An assessee has a vested right to personal hearing and the same has to be given if an assessee asks for it. The right to personal hearing cannot depend upon the facts of each case. These were stated by High Court of Delhi, consisting Justice Manmohan in the case of Bharat Aluminium Company Ltd. vs. Union of India & Ors. [W.P.(C) 14528/2021] on 14.01.2022.
The facts of the case are that the impugned orders was passed arbitrarily without following the principles of natural justice and in violation of the scheme of faceless assessment under Section 144B of the Act, inasmuch as even after the ‘Nil’ or ‘Null’ variation proposed in the show cause notice, additions had been made to the assessed income in the draft assessment order as well as in the impugned final assessment order. Present writ petition has been filed by the petitioner challenging the action of respondent in passing the impugned final assessment order under Section 143(3) of the Income Tax Act, 1961 (Act) and the impugned notice under Section 156 of the Act for Assessment Year 2018-19.
The Counsel for the petitioner contended that respondent in the draft assessment order as well as in the impugned final assessment order had proceeded to make additions to the assessed income on the false premise that the petitioner had not furnished relevant details/information in response to the statutory notice issued under Section 142(1) of the Act. He stated that respondent had failed to appreciate that the petitioner was unable to upload the file due to technical glitches on the respondent’s own portal. He emphasised that the petitioner had still filed reply to the notice that too within the due date vide email. He submitted that while Section 144B(1)(xvi) provides an opportunity to the assessee by serving a Show Cause Notice in case any variation of assessment is proposed which is prejudicial to the interest of assessee, Section 144B(1)(xxv) provides for issuance of draft assessment order to the assessee after considering the reply to Show Cause Notice. He emphasized that respondent issued a Show Cause Notice under Section 144B(1)(xvi) proposing ‘Null’ or ‘Nil’ variation and the petitioner duly confirmed the same and, thus, there was no non-compliance on the part of the petitioner. He also stated that the petitioner had not been granted any opportunity of personal hearing, despite a specific request was made u/s 144B(7) of the Act.
The Counsel for the respondents submitted that cases of violation of principle of natural justice can be summarized in two categories i.e. (i) denial of opportunity and (ii) insufficiency of opportunity. He stated that the cases falling under the first category, wherein no opportunity was provided to the person charged, cannot withstand the scrutiny of law and were required to be set aside. However, in cases where insufficiency of opportunity was complained of, the prejudice caused to the person deprived of sufficient opportunity had to be taken into account before any finding on legality of such proceedings was recorded. He further stated that personal hearing in assessment proceedings under the Act is an added opportunity in addition to the written replies submitted by assessee and hence denial thereof would fall under the second category of “insufficiency of opportunity. He submitted that grant of personal hearing in routine and mechanical manner or stereotyped manner would not only frustrate the entire concept of Faceless Assessment Scheme but would also defeat the very purpose for which this Scheme was brought about by the Legislature.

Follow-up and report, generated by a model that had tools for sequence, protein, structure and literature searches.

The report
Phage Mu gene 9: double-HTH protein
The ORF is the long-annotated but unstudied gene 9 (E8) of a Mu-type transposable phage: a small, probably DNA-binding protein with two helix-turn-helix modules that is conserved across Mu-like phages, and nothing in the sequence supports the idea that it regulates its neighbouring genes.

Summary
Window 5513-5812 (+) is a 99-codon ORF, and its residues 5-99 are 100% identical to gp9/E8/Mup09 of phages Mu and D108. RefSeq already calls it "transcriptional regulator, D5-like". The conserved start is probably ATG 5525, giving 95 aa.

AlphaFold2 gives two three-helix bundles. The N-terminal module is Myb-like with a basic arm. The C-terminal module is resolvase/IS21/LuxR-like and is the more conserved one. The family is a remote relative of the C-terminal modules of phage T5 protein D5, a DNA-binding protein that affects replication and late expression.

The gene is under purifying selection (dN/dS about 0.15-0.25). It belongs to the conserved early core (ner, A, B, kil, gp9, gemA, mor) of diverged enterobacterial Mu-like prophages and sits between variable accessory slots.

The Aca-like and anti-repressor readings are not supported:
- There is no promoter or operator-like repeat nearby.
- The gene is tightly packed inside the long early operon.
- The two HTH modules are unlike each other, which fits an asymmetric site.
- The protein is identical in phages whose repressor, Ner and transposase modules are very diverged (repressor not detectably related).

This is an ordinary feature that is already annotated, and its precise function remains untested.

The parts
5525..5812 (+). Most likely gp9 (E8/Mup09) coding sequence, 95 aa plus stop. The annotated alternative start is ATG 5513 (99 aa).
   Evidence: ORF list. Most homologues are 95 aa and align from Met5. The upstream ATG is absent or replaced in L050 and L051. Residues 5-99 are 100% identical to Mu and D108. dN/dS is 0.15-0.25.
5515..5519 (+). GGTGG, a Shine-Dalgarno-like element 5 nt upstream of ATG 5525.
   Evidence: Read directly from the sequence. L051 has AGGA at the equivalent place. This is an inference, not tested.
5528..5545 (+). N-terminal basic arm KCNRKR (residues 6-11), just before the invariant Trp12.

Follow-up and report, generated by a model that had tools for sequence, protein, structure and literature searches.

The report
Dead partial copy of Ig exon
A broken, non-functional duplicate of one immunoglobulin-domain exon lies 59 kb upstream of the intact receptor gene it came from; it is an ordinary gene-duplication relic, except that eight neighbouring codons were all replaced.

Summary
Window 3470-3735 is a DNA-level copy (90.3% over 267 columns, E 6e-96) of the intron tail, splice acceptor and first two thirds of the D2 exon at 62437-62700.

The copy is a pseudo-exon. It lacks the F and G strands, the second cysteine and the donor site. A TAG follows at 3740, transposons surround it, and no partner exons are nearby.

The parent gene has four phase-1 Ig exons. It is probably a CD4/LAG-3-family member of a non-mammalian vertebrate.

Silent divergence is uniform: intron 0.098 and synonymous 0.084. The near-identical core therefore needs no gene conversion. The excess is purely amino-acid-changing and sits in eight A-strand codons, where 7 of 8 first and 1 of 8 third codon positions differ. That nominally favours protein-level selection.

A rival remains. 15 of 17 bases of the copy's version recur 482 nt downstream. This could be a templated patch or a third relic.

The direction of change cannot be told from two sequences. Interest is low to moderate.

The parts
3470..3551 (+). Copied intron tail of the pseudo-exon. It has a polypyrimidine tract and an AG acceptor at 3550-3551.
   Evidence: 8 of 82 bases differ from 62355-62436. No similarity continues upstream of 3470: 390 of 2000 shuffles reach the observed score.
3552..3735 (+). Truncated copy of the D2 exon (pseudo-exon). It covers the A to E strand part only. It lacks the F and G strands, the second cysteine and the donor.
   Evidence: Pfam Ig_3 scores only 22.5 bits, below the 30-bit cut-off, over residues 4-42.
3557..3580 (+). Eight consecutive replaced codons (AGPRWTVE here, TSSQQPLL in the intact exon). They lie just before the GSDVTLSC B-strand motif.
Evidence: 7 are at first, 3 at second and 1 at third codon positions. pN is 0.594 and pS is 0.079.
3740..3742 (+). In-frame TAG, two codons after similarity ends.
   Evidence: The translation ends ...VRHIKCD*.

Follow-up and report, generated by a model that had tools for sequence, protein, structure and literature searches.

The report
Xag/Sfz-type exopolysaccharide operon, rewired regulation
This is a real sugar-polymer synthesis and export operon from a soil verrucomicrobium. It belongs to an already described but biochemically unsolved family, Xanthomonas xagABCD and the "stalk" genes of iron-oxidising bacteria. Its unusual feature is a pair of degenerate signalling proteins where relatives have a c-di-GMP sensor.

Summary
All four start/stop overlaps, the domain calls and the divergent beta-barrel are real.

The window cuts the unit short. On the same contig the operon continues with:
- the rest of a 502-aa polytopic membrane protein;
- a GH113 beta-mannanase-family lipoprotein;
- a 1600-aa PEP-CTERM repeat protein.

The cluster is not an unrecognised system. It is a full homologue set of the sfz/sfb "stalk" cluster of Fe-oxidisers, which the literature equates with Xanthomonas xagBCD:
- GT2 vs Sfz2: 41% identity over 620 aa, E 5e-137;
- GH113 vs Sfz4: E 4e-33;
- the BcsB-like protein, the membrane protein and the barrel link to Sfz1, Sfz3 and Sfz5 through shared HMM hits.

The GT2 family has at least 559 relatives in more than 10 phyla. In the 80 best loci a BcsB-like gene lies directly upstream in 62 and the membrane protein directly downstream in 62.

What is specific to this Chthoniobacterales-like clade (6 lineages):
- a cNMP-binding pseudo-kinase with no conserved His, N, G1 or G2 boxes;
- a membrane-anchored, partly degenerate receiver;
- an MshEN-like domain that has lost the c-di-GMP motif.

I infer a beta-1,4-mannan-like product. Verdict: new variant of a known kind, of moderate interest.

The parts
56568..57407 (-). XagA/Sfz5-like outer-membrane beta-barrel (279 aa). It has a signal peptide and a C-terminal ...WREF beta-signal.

The High Court of Delhi held that an assessee has a vested right to personal hearing and the same has to be given, if an assessee asks for it. The right to personal hearing cannot depend upon the facts of each case. For the aforesaid reason, the impugned final assessment order and impugned notice issued by respondent to the petitioner were set aside and the matter was remanded back to the Assessing Officer who would issue a Show Cause Notice and a draft assessment order and thereafter pass a reasoned order in accordance with law as the classification between fact and law is not founded on intelligible differentia and the said differentia has no rational relation to the object sought to be achieved by Section 144B of the Act. With the aforesaid direction, the present writ petition along with pending application stood disposed of.
Judgment reviewed by Shristi Suman. Read Judgment